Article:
Google Rewrites History with Fiat Chrysler Deal: Alphabet Inc (GOOGL)

Google self-driving car

Alphabet Inc ‘s Google has launched a new chapter in self-driving car’s history book by inking a deal with Fiat Chrysler to develop such vehicle.

Google self-driving car

Since interest in the development of self-driving cars began rising in the past few years, the trend has mostly been being about automakers and technology firms developing their own technologies independently. In brief, no cooperation or any form of technology transfer agreements have been in place between tech firms and automakers, until Tuesday.

Google changed all that two days ago, when it announced plans to expand its development of autonomous cars by deploying its technology in minivans sourced from Fiat Chrysler.

This is the first prominent deal involving a traditional Silicon Valley firm agreeing to partner with a regular carmaker to develop an autonomous car.

The deal could also break the usually frosty and wary relationship between auto firms and tech companies, and influence other firms to enter into similar agreements.

For Google, the agreement marks a major strategic shift for a company that previously preferred building and testing its own autonomous cars. The deal also enables Fiat Chrysler to access Google’s cutting-edge knowhow in driverless cars instead of committing funds to develop its own program.

Analysts have touted the move by Fiat Chrysler to enter into this agreement as having been influenced by market dynamics. The automaker is racing to catch up with its peers that have already launched their own in-house self-driving car programs.

The decision is a good one, since Google has already made several strides in the development of autonomous vehicles. The financial details of the deal remained undisclosed, though Fiat Chrysler is expected to supply Google with 100 Chrysler Pacifica hybrid minivans that will be specially modified to facilitate installation of self-driving technology.

First Deal with a Traditional Automaker

Under the terms of the deal, Fiat Chrysler is expected to design, engineer and build the minivans. Google is then expected to install computer systems and sensors into the specially-built vehicles.

The deal marks the first time Google has entered into a partnership with a traditional automaker to redesign mass-market cars to drive autonomously. Previously, Google relied on an automotive supplier to create its own driverless car prototypes.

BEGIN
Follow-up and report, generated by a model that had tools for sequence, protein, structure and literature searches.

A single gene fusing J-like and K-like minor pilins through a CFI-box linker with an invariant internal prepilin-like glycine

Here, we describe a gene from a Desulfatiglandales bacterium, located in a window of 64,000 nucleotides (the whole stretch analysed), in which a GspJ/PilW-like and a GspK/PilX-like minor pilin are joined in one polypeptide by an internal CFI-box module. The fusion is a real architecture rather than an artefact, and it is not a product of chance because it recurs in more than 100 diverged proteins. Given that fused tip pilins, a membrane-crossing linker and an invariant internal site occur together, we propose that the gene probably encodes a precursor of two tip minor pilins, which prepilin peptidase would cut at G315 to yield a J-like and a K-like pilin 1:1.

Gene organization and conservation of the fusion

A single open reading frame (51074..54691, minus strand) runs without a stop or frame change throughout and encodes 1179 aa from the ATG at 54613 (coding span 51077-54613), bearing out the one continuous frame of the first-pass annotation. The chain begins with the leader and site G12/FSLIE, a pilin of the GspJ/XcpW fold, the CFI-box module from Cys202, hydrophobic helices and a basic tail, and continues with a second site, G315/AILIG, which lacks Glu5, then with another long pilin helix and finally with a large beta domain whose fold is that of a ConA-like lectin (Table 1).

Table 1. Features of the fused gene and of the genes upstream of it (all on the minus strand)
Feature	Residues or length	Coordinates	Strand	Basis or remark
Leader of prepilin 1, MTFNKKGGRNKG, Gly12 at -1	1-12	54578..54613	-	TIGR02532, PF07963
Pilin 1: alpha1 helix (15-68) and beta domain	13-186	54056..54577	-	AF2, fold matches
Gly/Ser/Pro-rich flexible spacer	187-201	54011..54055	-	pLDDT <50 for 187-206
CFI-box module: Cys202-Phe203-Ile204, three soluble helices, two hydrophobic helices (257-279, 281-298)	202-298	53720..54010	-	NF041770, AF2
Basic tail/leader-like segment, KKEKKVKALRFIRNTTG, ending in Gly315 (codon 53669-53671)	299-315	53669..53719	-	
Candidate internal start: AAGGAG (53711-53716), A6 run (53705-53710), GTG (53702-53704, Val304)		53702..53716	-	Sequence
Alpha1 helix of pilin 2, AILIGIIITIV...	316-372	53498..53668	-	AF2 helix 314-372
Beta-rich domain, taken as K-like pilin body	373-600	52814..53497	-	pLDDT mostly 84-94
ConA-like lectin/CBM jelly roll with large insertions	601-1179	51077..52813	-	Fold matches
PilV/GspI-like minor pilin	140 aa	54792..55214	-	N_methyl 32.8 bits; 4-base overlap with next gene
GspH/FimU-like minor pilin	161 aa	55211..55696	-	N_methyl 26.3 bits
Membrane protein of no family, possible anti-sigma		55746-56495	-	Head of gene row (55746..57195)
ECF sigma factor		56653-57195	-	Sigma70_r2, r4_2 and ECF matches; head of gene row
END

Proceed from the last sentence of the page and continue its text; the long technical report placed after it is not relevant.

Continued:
The deal is also a critical step towards influencing consumers to accept the reality that autonomous cars can be used for everyday chores. Driverless cars will not only make our roads safer, but will also enable people who cannot drive to access areas they couldn’t previously go to.

It is worth telling that Fiat Chrysler’s CEO Sergio Marchionne has consistently advocated for partnerships with tech firms. This is partly motivated by the desire to save crucial dollars that would have been used to develop its own high-tech driverless car technologies.

Other auto firms such as Ford Motor and General Motors have made huge strides in the development of their own self-driving cars. Already, G.M. has entered into a purchase agreement to buy out technology firm Cruise Automation to enable it install its cars with driverless technology.

Federal Regulators Rushing to Beat Clock

Not to be left behind, federal regulators are rushing to draft new guidelines to govern the use of self-driving cars. The regulators have enlisted Google, Volvo and Ford into the committee that wants to have laws governing the manufacture and use of driverless cars passed quickly. This means it won’t be long before they are a common sight on American roadways.

Google has conducted its tests in various locations, including California. It has also used modified SUVs from Toyota to conducts its tests. However, the Pacifica hybrid minivan is larger and more spacious. It boasts features such as automated sliding doors, which makes it ideal for carrying around larger number of people without requiring a human driver.

So far, there are no signs yet whether Fiat Chrysler has installed a production line to mass produce autonomous cars for Google. It is therefore reasonable to assume the collaboration is meant for testing purposes only. The two companies have revealed that their engineering teams will partner together at an undisclosed place in Michigan.

Fiat Chrysler stands to gain a lot from the free marketing of the attributes of this latest model of its bellwether vehicle, which is scheduled for sale this year. The car is a gasoline-electric hybrid, hence Google also gains a logical platform to continue with its testing efforts. This makes the deal a win-win one.

Google Car Has Won the Backing of Several People

Self-driving car technology has been supported by none other than Mark Rosekind, America’s chief car safety regulator. He believes such cars will reduce traffic deaths, which currently stand at 33,000 per year in the U.S.

Driverless cars have also won the backing of activists who favor development of sch cars by disabled people who are unable to operate them. It has also been supported by groups such as Mothers Against Drunk Driving, which believes it will reduce accidents involving drunk drivers.

Critics of self-driving cars argue that the safety of such cars is yet to be fully proven. They have relied on crashes involving Google autonomous cars on public streets to prove their claim.

So far, there are no existing federal rules that ban outright the use of autonomous cars. However, California has a set of draft regulations that require a self-driving car to have a human driver behind the wheel to steer it in case the system is unable to navigate a certain obstacle by itself.

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